The complaint alleges that on Aug. 8 the trooper’s father sent the confidential source a text message with the registration information for that vehicle written on a piece of paper, which federal authorities found after executing a search warrant on his phone.

Investigators say they have evidence that the trooper is the one who looked up the registration information and provided it to his father.

On Sept. 16, a cooperating defendant contacted  the trooper and discussed the license plate number for the impounded vehicle loaded with bulk cash, according to the complaint.

“Talavera Jr. asked if the owner was trying to claim the money in the vehicle,” the complaint states. “Talavera Jr. told (the cooperating defendant) to tell the individual that they did not know anything.”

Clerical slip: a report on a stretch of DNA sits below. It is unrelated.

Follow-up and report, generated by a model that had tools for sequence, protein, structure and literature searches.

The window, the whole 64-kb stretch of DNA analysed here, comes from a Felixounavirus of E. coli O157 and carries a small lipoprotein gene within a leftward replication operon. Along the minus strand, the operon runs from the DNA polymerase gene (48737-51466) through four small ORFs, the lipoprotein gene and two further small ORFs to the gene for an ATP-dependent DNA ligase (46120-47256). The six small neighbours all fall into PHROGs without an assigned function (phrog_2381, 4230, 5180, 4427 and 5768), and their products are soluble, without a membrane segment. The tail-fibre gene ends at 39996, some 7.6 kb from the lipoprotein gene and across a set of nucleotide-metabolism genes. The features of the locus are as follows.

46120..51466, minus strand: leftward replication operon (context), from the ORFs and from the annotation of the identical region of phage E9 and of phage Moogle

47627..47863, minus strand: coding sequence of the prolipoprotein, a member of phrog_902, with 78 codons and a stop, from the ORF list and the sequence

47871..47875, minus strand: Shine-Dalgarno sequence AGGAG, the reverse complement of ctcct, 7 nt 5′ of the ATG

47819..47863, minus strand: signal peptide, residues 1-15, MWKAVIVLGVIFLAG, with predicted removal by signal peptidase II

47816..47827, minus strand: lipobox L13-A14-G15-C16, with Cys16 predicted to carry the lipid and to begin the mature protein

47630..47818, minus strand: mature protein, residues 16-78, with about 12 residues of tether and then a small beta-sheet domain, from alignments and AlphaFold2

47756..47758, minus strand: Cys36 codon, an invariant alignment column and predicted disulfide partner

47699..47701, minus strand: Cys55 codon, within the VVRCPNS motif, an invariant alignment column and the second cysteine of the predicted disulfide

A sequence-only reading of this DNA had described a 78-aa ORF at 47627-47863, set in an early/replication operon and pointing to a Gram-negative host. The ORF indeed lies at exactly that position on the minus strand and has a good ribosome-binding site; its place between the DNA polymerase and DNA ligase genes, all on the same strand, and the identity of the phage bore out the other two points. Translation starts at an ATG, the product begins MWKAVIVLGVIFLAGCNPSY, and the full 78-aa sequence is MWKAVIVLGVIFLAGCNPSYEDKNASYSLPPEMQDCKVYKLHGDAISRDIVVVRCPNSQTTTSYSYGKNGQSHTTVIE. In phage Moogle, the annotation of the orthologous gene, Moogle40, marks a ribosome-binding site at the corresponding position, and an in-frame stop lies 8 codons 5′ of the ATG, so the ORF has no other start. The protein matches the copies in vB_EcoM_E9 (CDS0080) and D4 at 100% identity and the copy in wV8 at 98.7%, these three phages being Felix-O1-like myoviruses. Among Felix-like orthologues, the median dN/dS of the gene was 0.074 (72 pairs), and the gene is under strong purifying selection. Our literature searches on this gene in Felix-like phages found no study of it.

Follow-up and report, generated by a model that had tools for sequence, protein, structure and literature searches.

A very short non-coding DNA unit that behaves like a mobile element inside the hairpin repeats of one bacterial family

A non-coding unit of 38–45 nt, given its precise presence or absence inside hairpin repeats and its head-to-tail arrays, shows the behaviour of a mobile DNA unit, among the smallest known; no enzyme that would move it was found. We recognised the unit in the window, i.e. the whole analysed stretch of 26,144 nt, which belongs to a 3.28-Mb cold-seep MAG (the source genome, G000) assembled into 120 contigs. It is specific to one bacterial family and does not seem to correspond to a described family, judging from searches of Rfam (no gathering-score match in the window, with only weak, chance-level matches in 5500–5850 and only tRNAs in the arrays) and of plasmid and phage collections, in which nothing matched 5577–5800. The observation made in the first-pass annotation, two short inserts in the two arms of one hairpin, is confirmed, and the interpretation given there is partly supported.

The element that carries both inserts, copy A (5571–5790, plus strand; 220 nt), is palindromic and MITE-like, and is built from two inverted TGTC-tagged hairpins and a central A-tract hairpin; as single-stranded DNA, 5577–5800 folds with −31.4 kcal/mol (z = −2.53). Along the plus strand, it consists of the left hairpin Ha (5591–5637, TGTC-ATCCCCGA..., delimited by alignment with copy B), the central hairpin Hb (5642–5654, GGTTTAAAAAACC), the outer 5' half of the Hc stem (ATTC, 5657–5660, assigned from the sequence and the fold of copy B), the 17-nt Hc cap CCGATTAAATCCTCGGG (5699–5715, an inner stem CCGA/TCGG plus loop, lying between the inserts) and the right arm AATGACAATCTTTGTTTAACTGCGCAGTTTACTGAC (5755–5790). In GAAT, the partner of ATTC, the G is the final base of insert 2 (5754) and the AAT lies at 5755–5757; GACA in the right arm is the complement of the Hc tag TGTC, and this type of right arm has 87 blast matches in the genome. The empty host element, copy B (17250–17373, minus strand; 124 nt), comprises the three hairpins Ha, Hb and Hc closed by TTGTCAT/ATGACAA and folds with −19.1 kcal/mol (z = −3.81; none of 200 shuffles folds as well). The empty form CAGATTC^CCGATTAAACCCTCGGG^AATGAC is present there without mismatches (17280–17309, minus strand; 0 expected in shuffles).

The FBI says the trooper acknowledged on two occasions that he looked up license plates for his father to obtain registration information for vehicles and later said he thought he was under surveillance.

“Talavera Jr. then told (the cooperating defendant) that sure enough Talavera Sr. was later arrested,” the complaint states.

That cooperating defendant also told investigators that in 2019, the trooper’s father was kidnapped by a drug cartel in Reynosa.

“Talavera family members gathered at the residence of Talavera Sr. and assessed Talavera Sr.’s kidnapping to be drug related. Present during the discussions was Talavera Jr.,” the complaint states. “Talavera Jr. would have known of Talavera Sr.’s involvement in drug trafficking.

“Talavera Jr. also told investigators during a 2019 interview that he was aware that the Talavera family in Mexico was involved in Organized Crime.”

Court records indicate the trooper made a first appearance in McAllen federal court Friday at 2 p.m. in front of U.S. Magistrate Judge J. Scott Hacker.